Please Note: This article is written for users of the following Microsoft Excel versions: 97, 2000, 2002, and 2003. If you are using a later version (Excel 2007 or later), this tip may not work for you. For a version of this tip written specifically for later versions of Excel, click here: Self-Aware Macros.

Self-Aware Macros

by Allen Wyatt
(last updated June 25, 2018)

For some macros you may need to determine if there is a way to determine the particular machine on which the macro is operating. For instance, you may have a desktop PC that has a particular directory at D:\OraNT\Plus33, while your notebook PC has the directory at C:\OraNT\Plus33. The macro, of course, needs to detect which machine is in use so that it knows which directory to use for its processing.

There are different ways that this task can be approached. It is possible to create an Excel macro that actually accesses the Windows API and determines the name of the computer on which it is running. Such an approach can get quite involved, however.

An easier way is to just use VBA's DIR command to determine where the desired directory exists. The following will do the trick:

Sub OracleQueries()
    Dim sTemp As String
    Dim sGoodPath As String

    sGoodPath = "D:\OraNT\Plus33\"
    sTemp = Dir("D:\OraNT\Plus33\nul")
    If sTemp = "" Then
        sGoodPath = "C:\OraNT\Plus33\"
        sTemp = Dir("C:\OraNT\Plus33\nul")
    End If

    'Now have directory information
    If sTemp <> "" Then
        'Process queries using sGoodPath
    Else
        MsgBox "Directories not found!"
    End If
End Sub

Notice how the DIR function is used in this example. Normally DIR returns the name of the first file it finds in the requested directory. If the directory is empty, however, DIR returns an empty string—even if the directory actually exists. Since all we want to do is find out if the directory exists (not if there are files in it), it is necessary to append the letters "nul" at the end of the directory path used by DIR. This causes DIR to return an empty string if the directory is not located, or else the characters "nul" if it is (even if the directory is empty).

Toward the end of the macro, sTemp will be empty if neither directory could be located. If one of them was located, then sTemp will not be empty, and sGoodPath will be set to the directory name that can be used in further processing.

Note:

If you would like to know how to use the macros described on this page (or on any other page on the ExcelTips sites), I've prepared a special page that includes helpful information. Click here to open that special page in a new browser tab.

ExcelTips is your source for cost-effective Microsoft Excel training. This tip (2607) applies to Microsoft Excel 97, 2000, 2002, and 2003. You can find a version of this tip for the ribbon interface of Excel (Excel 2007 and later) here: Self-Aware Macros.

Author Bio

Allen Wyatt

With more than 50 non-fiction books and numerous magazine articles to his credit, Allen Wyatt is an internationally recognized author. He is president of Sharon Parq Associates, a computer and publishing services company. ...

MORE FROM ALLEN

Creating Unnumbered Endnotes

Endnotes are indispensable in some types of writing. You may want to create endnotes, however, that don't follow the ...

Discover More

Status Bar Summing No Longer Available

When you select a range of cells, Excel normally displays the sum of those selected cells on the status bar. If the sum ...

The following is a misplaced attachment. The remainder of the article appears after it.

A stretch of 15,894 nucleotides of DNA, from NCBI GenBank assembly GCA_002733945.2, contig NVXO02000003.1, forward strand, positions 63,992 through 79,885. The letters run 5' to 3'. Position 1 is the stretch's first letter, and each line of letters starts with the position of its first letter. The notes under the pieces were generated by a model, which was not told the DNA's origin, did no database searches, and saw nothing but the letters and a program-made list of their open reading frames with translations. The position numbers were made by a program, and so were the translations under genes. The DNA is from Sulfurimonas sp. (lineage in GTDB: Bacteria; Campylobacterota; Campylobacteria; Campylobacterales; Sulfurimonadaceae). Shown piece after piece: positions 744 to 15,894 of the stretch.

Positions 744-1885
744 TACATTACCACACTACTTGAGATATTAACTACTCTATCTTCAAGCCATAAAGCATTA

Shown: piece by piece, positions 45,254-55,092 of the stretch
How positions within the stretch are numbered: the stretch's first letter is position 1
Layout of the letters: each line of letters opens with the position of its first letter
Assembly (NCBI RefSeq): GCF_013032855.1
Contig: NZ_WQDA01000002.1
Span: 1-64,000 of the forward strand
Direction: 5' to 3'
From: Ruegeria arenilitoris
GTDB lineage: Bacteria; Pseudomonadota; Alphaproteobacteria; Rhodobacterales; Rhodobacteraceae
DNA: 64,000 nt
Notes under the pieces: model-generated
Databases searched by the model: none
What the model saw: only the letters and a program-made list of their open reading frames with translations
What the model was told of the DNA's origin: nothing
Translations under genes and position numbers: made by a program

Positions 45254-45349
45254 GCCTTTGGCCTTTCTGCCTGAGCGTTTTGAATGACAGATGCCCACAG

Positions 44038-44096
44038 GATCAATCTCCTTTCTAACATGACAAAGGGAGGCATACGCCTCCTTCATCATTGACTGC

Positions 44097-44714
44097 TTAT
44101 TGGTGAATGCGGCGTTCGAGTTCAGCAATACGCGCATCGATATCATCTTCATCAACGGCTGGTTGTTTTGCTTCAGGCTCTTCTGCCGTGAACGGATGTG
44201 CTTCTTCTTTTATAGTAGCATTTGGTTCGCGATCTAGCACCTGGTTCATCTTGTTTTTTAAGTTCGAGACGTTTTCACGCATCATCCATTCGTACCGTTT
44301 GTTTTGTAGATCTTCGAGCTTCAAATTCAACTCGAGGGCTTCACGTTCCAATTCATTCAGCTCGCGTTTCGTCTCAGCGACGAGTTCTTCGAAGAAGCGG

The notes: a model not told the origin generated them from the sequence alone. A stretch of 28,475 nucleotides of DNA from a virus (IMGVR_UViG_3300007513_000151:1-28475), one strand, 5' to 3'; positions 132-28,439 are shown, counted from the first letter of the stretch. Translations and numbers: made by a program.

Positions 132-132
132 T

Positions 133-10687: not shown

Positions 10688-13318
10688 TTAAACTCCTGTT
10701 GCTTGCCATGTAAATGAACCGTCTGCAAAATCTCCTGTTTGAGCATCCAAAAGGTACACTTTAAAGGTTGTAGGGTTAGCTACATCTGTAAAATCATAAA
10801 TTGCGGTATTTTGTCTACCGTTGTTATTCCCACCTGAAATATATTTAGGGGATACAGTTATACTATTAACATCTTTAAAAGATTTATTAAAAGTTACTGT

Discover More

Getting the Name of the Worksheet Into a Cell

Excel allows you to change the names assigned to the worksheets in a workbook. If you want to have those names appear in ...

Discover More

Professional Development Guidance! Four world-class developers offer start-to-finish guidance for building powerful, robust, and secure applications with Excel. The authors show how to consistently make the right design decisions and make the most of Excel's powerful features. Check out Professional Excel Development today!

More ExcelTips (menu)

Replacing and Converting in a Macro

When you use a macro to process data you always run the risk of making that data unusable by Excel. This is especially ...

Discover More

Trimming Spaces from Strings

Need to get rid of extraneous spaces before or after the text in a string? VBA provides three different functions you can ...

Discover More

Unprotecting Groups of Worksheets

Unprotecting a single worksheet is relatively easy. Unprotecting a whole lot of worksheets is harder. Here's how you can ...

Discover More
Subscribe

FREE SERVICE: Get tips like this every week in ExcelTips, a free productivity newsletter. Enter your address and click "Subscribe."

View most recent newsletter.

Comments

If you would like to add an image to your comment (not an avatar, but an image to help in making the point of your comment), include the characters [{fig}] in your comment text. You’ll be prompted to upload your image when you submit the comment. Maximum image size is 6Mpixels. Images larger than 600px wide or 1000px tall will be reduced. Up to three images may be included in a comment. All images are subject to review. Commenting privileges may be curtailed if inappropriate images are posted.

What is nine minus 4?

There are currently no comments for this tip. (Be the first to leave your comment—just use the simple form above!)


This Site

Got a version of Excel that uses the menu interface (Excel 97, Excel 2000, Excel 2002, or Excel 2003)? This site is for you! If you use a later version of Excel, visit our ExcelTips site focusing on the ribbon interface.

Newest Tips
Subscribe

FREE SERVICE: Get tips like this every week in ExcelTips, a free productivity newsletter. Enter your address and click "Subscribe."

(Your e-mail address is not shared with anyone, ever.)

View the most recent newsletter.